By the Revd Chuck Collins
Henry VIII Defender of the Faith
Henry opposing Martin Luther and, as a reward, was given the title Fide Defensor – “Defender of the Faith” by Pope Leo X October 11, 1521. Henry VIII was certainly not Protestant? No! He killed Protestants who threatened the Roman Catholic air he breathed. Up until the very end of his life he resisted the Reformation’s central idea of justification by faith alone, and with the help of Cardinal Wolsey and others, ordered the burning of Martin Luther’s writings, and imprisoned and killed his followers. Historian Alec Ryrie must have been right when he wrote that Henry’s reforms look more like “Catholicism without the pope” than “Lutheranism without justification by faith.” But later in his life he sometimes tipped his hat towards the Protestant movement in surprising ways. Under the same roof of tip-toeing evangelicals who were deeply influenced by Tudor humanism and the continental Reformation (Thomas Cromwell, Anne Boleyn, Thomas Cranmer, and Katherine Parr), the staunch Roman Catholic King of England and Ireland helped paved the way for the decidedly Protestant sovereigns who followed him on the throne, namely his son Edward VI and daughter Elizabeth I.
In his last speech before Parliament (1545), during which he reportedly wept, King Henry placed his stake in the middle ground between those who “be too stiff in their old mumpsimus” and those who were “too busy and curious in their new sumpsimus.” Thomas Cranmer and others certainly agreed with the middle way, they just had different understandings of what the middle was. When Henry wrote his Assertion of the Seven Sacraments, Luther replied in his predictable antagonistic way, permanently souring Henry to Luther. But he found in Philip Melanchthon, Luther’s protege and successor, a moderated Luther, and he was eager to discuss with Melanchthon the differences he had with the reformers. Melanchthon was twice invited to teach in England which he never ended up doing. His 1535 edition of Loci communes was dedicated to King Henry, but after all the effort, Melanchthon decided to direct his time and energy away from England toward others who were more receptive to reforming the church. Clearly Henry’s relationship with Melanchthon and the quiet Lutherans on his staff and in his family had an influence on him.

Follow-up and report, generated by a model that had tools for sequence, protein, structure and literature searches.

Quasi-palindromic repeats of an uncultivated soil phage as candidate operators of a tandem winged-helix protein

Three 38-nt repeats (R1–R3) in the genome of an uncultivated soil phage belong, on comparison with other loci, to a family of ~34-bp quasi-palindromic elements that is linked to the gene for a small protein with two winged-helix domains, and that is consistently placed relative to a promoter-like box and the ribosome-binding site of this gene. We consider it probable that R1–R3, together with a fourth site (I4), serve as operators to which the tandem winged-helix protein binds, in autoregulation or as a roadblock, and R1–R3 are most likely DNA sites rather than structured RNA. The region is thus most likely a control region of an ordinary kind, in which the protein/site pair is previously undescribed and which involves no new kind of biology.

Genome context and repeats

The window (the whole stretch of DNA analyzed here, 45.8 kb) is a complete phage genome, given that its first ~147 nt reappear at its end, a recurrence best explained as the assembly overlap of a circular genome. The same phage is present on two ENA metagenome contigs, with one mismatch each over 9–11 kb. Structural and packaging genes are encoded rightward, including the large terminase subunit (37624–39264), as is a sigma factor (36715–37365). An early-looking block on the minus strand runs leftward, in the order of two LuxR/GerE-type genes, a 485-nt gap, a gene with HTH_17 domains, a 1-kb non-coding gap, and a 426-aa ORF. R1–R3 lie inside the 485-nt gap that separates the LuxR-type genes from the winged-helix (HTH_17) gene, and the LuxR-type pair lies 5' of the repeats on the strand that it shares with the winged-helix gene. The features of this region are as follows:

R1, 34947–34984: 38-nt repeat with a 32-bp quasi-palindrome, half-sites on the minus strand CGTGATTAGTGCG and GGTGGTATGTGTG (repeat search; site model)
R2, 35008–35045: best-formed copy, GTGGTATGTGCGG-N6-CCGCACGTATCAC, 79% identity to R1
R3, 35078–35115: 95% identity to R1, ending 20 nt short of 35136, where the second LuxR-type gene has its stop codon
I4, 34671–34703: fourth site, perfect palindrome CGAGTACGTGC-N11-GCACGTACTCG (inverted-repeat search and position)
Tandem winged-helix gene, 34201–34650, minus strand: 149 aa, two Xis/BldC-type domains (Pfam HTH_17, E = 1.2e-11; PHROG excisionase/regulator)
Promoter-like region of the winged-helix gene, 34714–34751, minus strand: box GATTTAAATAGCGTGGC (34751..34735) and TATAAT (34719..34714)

Henry had a love/hate relationship with the Bible. After observing the rumblings caused by Luther and the similar theological disturbances of the Lollards (the Bible-loving followers of John Wycliffe in England), he outlawed Bible translations in English and prohibited people from reading it. Before the 16th century Reformation, the church held tenaciously to the belief that the Bible cannot be trusted to be understood by untrained lay men and women (what Alister McGrath calls “Christianity’s Dangerous Idea”). Henry even had William Tyndale tracked down in exile overseas and killed for promoting the idea that the Bible should be available for popular consumption. Tyndale had predicted that the Bible would one day be available to everyone, and that the common plowboy would know more Holy Scripture than the pope. But, in a change of mind, Henry issued a royal proclamation May 6, 1541 that an English translation of the Bible be placed in every church in England. This was on the heals of the Vicar General’s order (Thomas Cromwell, 1538) to provide “one book of the Bible of the largest volume in English, and the same set up in some convenient place within the said church that ye have care of, whereas your parishioners may most commodiously resort to the same and read it.” The Bible commissioned by King Henry was The Great Bible, a 1539 revision of William Tyndale’s New Testament and Myles Coverdale’s Old Testament translation. Between 1527 and 1547, about 800 separate editions of Christian books (mostly Protestant) were printed in English. The Bible in English and the content of those published books changed everything!